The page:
Artist of Nature

Aleta Rossi-Steward | January 27, 2022 | Leave a Comment

The Chase – Peregrine Falcon and Mourning Dove, Oil on linen 24×36″, 2020 (detail)

Sunlight glinting through a raindrop, fog hanging gracefully over the water, the blues and golds of a salt marsh in autumn, punctuated with the calls of gulls. These are the experiences that capture my attention. The beautiful but fleeting world of nature offers an endless source of inspiration for my works.

It all started many years ago, when my Grandmother bought a house in southern Maryland, right across the street from the water. Breton’s Bay, an offshoot of the Chesapeake, was a wonderful place to explore and learn about the natural world. Not only were there abundant sea life, like crabs & fish, but the nearby fields also yielded up their treasures. Wildflowers, butterflies, and birds were everywhere. 

One clear and sunny summer day, I came across an old abandoned house hidden just at the edge of the woods. It had become a nesting site for a colony of Barn Swallows. Peeking in through the door at their mud nests, they didn’t seem to mind. Chattering, and flying in and out, they provided easy entertainment for an 8 year old. Thus, began my fascination with birds.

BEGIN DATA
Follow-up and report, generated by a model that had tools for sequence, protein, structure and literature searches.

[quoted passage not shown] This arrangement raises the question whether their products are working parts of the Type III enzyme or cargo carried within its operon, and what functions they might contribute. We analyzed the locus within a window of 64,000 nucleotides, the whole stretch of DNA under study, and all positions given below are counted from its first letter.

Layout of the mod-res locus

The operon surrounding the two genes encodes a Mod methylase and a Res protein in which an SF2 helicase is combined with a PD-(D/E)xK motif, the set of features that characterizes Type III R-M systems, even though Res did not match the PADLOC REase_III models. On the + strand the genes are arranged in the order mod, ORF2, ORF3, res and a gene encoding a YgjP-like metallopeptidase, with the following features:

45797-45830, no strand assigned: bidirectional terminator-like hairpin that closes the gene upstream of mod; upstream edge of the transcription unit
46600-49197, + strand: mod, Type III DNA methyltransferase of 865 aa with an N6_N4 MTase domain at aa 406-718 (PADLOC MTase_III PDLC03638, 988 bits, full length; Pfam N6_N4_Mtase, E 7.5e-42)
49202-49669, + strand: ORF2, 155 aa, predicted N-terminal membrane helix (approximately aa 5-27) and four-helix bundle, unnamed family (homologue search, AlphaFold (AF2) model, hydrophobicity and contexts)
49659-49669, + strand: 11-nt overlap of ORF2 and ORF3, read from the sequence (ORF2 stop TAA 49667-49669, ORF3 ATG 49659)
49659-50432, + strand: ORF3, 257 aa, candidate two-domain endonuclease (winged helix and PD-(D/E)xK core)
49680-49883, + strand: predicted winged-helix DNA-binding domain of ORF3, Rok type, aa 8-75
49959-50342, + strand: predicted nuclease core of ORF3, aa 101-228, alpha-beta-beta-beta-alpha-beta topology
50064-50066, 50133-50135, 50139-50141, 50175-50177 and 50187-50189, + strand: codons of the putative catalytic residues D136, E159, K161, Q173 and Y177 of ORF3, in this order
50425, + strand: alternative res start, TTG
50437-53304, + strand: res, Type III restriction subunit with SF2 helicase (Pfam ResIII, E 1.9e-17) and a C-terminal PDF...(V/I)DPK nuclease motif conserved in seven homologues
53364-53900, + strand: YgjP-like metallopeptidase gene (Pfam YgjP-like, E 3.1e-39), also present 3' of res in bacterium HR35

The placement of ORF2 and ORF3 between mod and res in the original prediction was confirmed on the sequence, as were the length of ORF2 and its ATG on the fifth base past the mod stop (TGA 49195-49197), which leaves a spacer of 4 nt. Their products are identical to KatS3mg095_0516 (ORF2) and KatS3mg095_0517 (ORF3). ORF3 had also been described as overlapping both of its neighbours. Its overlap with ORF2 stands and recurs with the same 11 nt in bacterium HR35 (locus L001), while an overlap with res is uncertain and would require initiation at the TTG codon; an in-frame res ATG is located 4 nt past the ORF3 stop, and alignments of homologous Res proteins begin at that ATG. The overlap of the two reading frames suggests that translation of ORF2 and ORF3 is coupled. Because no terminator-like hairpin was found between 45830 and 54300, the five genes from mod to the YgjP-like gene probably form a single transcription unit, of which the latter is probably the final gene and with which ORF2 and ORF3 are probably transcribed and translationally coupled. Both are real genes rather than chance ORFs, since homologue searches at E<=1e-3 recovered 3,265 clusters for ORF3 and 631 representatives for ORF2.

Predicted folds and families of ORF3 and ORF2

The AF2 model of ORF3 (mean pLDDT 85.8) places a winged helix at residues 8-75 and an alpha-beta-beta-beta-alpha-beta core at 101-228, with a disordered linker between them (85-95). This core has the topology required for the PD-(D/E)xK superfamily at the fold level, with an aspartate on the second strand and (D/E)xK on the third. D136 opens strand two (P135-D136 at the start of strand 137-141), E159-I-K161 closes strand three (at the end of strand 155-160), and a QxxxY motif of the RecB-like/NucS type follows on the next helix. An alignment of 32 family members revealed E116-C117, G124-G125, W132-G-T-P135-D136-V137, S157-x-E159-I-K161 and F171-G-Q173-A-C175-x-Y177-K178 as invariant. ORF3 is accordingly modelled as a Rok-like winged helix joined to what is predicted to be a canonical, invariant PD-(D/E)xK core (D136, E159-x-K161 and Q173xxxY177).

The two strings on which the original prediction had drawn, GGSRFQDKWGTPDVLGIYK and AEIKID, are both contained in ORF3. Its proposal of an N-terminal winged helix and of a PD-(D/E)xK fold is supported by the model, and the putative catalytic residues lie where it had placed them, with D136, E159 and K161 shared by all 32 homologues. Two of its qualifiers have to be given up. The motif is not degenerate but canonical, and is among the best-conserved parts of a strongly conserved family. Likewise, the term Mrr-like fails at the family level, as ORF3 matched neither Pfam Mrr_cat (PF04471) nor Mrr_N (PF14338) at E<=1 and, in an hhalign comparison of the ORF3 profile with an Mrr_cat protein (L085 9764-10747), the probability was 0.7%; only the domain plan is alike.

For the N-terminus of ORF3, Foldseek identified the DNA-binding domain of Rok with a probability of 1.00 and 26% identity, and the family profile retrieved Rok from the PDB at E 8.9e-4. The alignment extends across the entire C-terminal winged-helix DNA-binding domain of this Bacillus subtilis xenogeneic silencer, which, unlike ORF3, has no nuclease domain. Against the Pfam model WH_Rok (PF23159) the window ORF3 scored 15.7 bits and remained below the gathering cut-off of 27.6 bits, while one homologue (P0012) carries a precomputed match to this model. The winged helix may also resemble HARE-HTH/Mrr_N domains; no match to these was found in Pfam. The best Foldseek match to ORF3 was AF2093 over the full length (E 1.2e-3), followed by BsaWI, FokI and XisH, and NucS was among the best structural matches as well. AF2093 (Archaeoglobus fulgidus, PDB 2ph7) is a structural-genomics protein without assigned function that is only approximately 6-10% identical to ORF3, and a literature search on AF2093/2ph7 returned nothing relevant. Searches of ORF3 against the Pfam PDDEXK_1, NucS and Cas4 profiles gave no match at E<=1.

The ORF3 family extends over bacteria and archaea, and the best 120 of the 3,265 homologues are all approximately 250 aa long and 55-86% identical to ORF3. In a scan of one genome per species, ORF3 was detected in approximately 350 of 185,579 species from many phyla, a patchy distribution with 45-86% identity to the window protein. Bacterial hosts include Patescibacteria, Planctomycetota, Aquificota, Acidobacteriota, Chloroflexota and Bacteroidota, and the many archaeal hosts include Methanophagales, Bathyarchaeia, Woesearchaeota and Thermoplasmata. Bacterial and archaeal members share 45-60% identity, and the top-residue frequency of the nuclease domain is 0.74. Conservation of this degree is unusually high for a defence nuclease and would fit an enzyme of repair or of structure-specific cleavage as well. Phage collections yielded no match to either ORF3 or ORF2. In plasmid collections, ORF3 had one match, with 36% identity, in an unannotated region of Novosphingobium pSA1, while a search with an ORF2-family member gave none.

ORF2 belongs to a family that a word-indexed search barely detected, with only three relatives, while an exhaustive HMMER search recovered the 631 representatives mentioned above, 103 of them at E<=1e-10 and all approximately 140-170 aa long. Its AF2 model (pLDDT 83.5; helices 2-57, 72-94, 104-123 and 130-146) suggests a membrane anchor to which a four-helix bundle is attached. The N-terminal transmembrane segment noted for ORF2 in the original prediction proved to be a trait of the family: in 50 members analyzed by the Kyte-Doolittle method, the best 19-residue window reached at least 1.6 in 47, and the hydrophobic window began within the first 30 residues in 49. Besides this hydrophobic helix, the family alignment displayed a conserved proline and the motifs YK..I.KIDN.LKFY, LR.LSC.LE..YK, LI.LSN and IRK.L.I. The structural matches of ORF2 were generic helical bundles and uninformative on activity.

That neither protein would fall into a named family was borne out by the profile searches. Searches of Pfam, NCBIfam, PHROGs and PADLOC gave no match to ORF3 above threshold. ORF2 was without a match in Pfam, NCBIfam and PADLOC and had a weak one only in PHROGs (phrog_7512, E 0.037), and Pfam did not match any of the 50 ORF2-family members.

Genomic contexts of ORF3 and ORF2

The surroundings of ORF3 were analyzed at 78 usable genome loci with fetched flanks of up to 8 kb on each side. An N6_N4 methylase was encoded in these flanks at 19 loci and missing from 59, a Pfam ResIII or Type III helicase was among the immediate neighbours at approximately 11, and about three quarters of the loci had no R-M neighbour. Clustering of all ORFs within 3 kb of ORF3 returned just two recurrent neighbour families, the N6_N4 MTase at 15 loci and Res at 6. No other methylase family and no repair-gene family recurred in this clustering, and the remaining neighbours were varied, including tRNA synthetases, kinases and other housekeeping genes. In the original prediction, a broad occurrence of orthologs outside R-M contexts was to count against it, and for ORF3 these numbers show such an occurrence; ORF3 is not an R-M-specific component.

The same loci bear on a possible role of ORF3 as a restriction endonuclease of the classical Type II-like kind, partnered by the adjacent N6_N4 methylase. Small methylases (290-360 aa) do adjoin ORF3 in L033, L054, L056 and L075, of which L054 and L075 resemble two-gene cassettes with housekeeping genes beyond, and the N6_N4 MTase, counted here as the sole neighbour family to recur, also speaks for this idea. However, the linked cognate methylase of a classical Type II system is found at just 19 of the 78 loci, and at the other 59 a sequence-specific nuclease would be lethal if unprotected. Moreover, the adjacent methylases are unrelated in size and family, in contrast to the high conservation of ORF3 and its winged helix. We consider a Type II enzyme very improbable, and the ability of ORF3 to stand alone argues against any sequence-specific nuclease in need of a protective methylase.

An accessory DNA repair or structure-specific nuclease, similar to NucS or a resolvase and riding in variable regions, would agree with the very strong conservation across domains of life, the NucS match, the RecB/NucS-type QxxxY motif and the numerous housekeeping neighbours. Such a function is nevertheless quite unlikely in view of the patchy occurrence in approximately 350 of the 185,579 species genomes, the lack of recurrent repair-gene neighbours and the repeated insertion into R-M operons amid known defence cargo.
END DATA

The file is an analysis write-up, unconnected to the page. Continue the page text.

For the past 41 years, I have been fortunate enough to observe and paint wildlife, particularly birds, on both the east & west coasts. In the process of bringing their lives to people through my art, I have become aware of just how human population can effect wildlife in many different ways. I have been very aware of just how much the population has grown. Places that were pristine now have trails. National Parks have become seasonal cities in themselves. That special isolated place we might have kept secret for ourselves, invariably has an occupant already. It’s inevitable that some problems will occur.

Barn Swallow, oil on panel, 9×12″, 2020

“Disintegration” is a small 9” x 12” oil on panel of a Barn Swallow – the same little birds that started me on this journey. It has become injured in some way, and has been placed into a cardboard box, by some well-meaning person. The theme here is vulnerability.  What will happen to the little bird? How did it become injured? It is at the mercy of a human now.

The reality is, many different things could have happened. Birds face threats from the human presence not only directly, but indirectly. Maybe this bird was clawed at by a domestic cat. Cats are, in fact, the number one threat to birds. They kill 2.4 billion birds a year, and have contributed to the extinction of 63 species of birds, mammals and reptiles. Hawaii’s bird population was devastated by cats.